Library Workshop: Research 101 is an interactive tutorial that explores the six stages of the research process.
1: Begin Your Research
Starting strategies, from choosing a topic to finding the right keywords.
2: Knowledge Cycle
The publication timeline, scholarly vs. popular sources, and differences in academic disciplines.
3: Finding Books
Search for books and other items in OskiCat, Cal's local library catalog.
4: Finding Articles
Locate and access articles in library research databases.
5: Make Citations
How to cite your sources correctly.
6: Basic Search
Common techniques for constructing searches that yield useful results.
7: Advanced Search
Specialized search strategies for targeting specific topics.
Choose a topic.
Do a brain dump: Note down what you already know about your topic, including
Fill in the gaps in your knowlege: get background information from encyclopedias or other secondary sources. Wikipedia can be good here.
Select the best places/ databases to find information on your topic. Look under the History Databases tab of this guide for article database suggestions. Or use a catalog like Oskicat or Melvyl to search for books and other resources.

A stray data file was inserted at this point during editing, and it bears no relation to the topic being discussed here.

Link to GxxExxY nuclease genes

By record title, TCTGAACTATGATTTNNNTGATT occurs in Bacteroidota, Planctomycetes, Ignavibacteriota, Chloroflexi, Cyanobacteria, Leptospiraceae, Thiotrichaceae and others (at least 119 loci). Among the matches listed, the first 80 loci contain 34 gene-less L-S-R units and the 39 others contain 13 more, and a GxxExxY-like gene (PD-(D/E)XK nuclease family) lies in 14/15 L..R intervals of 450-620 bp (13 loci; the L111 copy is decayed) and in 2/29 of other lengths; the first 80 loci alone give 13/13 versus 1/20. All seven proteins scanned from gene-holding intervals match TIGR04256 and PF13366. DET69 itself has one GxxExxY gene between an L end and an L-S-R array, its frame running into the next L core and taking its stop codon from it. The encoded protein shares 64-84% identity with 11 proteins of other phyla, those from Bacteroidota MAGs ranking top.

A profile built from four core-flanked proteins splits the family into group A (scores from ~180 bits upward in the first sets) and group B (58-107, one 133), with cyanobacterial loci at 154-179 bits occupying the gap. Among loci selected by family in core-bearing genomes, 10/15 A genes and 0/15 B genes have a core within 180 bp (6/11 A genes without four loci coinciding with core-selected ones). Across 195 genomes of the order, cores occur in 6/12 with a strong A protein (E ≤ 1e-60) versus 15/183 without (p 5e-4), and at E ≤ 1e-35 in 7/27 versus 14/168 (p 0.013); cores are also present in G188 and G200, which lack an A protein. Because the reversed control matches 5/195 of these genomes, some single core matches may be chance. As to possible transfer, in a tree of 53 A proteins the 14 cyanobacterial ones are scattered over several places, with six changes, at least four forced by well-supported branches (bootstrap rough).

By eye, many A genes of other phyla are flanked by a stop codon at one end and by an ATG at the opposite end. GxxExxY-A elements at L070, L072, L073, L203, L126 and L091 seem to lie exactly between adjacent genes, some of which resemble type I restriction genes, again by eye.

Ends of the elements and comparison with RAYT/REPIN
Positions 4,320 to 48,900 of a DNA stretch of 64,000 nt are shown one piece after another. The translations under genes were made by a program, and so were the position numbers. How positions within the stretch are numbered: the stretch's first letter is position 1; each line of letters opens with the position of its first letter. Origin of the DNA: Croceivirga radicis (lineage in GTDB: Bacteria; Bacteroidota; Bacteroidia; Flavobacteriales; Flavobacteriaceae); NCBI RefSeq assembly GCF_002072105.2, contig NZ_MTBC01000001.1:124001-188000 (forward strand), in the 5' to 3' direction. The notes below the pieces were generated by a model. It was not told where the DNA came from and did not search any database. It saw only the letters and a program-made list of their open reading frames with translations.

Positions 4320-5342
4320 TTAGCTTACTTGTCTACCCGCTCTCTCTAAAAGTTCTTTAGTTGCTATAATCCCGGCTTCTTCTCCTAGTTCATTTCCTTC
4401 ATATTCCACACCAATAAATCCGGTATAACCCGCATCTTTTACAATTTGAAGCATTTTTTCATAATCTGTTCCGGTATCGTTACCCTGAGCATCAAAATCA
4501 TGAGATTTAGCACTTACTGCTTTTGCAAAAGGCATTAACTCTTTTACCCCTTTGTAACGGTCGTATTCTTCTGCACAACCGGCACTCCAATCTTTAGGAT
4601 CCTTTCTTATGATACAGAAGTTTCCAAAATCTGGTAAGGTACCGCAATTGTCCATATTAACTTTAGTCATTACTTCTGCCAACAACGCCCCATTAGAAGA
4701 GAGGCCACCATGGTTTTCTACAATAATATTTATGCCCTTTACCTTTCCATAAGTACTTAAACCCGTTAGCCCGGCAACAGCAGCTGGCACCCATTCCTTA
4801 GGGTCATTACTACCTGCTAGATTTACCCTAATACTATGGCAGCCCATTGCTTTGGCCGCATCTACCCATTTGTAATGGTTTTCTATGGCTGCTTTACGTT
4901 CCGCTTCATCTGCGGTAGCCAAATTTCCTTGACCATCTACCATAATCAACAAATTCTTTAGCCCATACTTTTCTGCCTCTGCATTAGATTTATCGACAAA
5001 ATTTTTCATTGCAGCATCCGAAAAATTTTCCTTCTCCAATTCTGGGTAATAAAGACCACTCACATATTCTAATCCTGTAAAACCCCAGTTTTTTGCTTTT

Use nouns from your brain dump as search terms.
Evaluate what you find. Change search terms to get closer to what you really want.
Refine Your Topic - Using the information you have gathered, determine if your research topic should be narrower or broader. You may need to search basic resources again using your new, focused topics and keywords.
Take a look this short tutorial on beginning your research for more ideas.
"I'm writing a paper on World War II."
Often students start their research with a very general topic, even though they may realize the topic is too large to deal with in a 10-15 page paper. Faculty and librarians tell them, "You have to narrow this down." But how do you narrow a topic?
You can combine these ideas, "What were the major impacts of WWII on women in France, in the decade after the war?"
More ideas in our brief tutorial on topic selection and narrowing.